This study argues that organizational studies scholar Karl Weick’s concept of sensemaking can help to integrate competing scales of multimodal assessment: the pedagogical attention to the purposes, motivations, and needs of composing students; the programmatic desire for consistent outcomes and expectations; and the disciplinary mandate to communicate collective (though not necessarily consensual) values to composition scholars and practitioners. It addresses an ongoing debate about the prevalence of common or generic rubrics in conducting multimodal assessment; while some scholars argue that multimodal assessment is compatible with common, and even print-oriented, programmatic rubrics, others insist that only assignment-specific, context-driven assessments can account for the rich diversity of multimodal processes and texts. Adopting sensemaking theory, by contrast, argues for multimodal assessment efforts to attend to cross-programmatic and disciplinary frameworks--plastic, scalable assessment categories that can be adapted to local contexts. An analysis of current multimodal assessment research and practice demonstrates how emergent sensemaking frameworks are integrating global (cross-programmatic) and local (classroom- or assignment-specific) scales of assessment. Keywords: sensemaking, multimodal assessment

Contract Grading in a Technical Writing Classroom: A Case Study

by Lisa M. Litterio, Bridgewater State University

The subjectivity of assessing writing has long been an issue for instructors, who carefully craft rubrics and other indicators of assessment while students grapple with understanding what constitutes an "A" and how to meet instructor-generated criteria. Based on student frustration with traditional grading practices, this case study of a 20-student technical writing classroom employed teacher-as-researcher observation and student surveys to examine how students in a technical writing classroom in the Northeast collaborated together to generate criteria relating to the quality of their writing assignments. The study indicates that although students perceive more involvement in the grading process, they resist participation in crafting criteria as a class and prefer traditional grading methods by an “expert,” considering it a normative part of the grading process. The study concludes with implications for integrating contract grading in the technical writing classroom.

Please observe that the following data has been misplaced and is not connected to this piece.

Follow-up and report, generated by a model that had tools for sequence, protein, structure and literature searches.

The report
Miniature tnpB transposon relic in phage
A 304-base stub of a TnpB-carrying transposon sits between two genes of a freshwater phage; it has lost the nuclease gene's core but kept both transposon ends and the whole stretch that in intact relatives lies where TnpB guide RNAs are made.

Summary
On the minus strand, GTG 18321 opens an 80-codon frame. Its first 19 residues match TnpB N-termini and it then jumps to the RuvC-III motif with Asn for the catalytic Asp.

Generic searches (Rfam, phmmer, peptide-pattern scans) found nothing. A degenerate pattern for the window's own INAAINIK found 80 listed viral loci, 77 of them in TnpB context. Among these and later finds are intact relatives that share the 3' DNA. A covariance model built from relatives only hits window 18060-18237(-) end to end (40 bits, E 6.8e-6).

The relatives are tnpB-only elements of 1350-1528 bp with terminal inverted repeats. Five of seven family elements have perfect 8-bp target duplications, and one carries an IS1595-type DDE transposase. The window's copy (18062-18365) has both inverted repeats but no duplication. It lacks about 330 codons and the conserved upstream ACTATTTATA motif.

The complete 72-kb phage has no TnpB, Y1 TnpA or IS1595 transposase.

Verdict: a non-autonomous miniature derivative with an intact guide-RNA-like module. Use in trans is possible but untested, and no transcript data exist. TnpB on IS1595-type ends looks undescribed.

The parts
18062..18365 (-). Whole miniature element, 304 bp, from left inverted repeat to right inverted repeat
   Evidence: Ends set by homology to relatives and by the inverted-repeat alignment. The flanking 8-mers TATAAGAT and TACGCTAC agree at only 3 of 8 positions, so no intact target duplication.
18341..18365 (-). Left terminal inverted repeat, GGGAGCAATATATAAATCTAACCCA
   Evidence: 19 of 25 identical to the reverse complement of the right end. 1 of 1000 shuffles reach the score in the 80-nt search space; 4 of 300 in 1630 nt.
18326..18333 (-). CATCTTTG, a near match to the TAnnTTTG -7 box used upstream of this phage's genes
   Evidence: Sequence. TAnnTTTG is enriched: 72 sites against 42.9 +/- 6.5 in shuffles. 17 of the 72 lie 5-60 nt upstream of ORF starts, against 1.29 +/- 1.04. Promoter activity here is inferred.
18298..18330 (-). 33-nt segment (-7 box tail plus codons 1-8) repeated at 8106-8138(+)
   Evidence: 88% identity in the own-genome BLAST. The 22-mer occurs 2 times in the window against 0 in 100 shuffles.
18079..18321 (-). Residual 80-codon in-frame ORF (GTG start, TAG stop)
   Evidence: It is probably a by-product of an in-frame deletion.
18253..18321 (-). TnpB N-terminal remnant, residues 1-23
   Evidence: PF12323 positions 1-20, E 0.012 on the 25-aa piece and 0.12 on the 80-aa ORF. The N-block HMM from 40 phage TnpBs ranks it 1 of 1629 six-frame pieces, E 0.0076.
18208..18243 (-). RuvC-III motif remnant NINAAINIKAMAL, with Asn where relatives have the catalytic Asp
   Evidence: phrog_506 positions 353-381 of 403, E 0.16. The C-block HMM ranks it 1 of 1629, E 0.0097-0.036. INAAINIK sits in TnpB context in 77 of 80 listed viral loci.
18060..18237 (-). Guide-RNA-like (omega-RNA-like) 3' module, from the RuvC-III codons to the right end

Keywords: technical writing, contract grading, assessment, student feedback

ePortfolios: Foundational Measurement Issues

by Norbert Elliot, Alex Rudniy, Perry Deess, Andrew Klobucar, Regina Collins, Sharla Sava

Using performance information obtained for program assessment purposes, this quantitative study reports the relationship of ePortfolio trait and holistic scores to specific academic achievement measures for first-year undergraduate students. Attention is given to three evidential categories: consensus and consistency evidence related to reliability/precision; convergent evidence related to validity; and score difference and predictive evidence related to fairness. Interpretative challenges of ePortfolio-based assessments are identified in terms of consistency, convergent, and predictive evidence. Benefits of these assessments include the absence of statistically significant differences in ePortfolio scores for race/ethnicity sub-groups. Discussion emphasizes the need for principled design and contextual information as prerequisite to score interpretation and use. Instrumental value of the study suggests that next-generation ePortfolio-based research must be alert to sample size, design standards, replication issues, measurement of fairness, and reporting transparency. Keywords: ePortfolios, fairness, program assessment, reliability, validity

Editorial Board 2016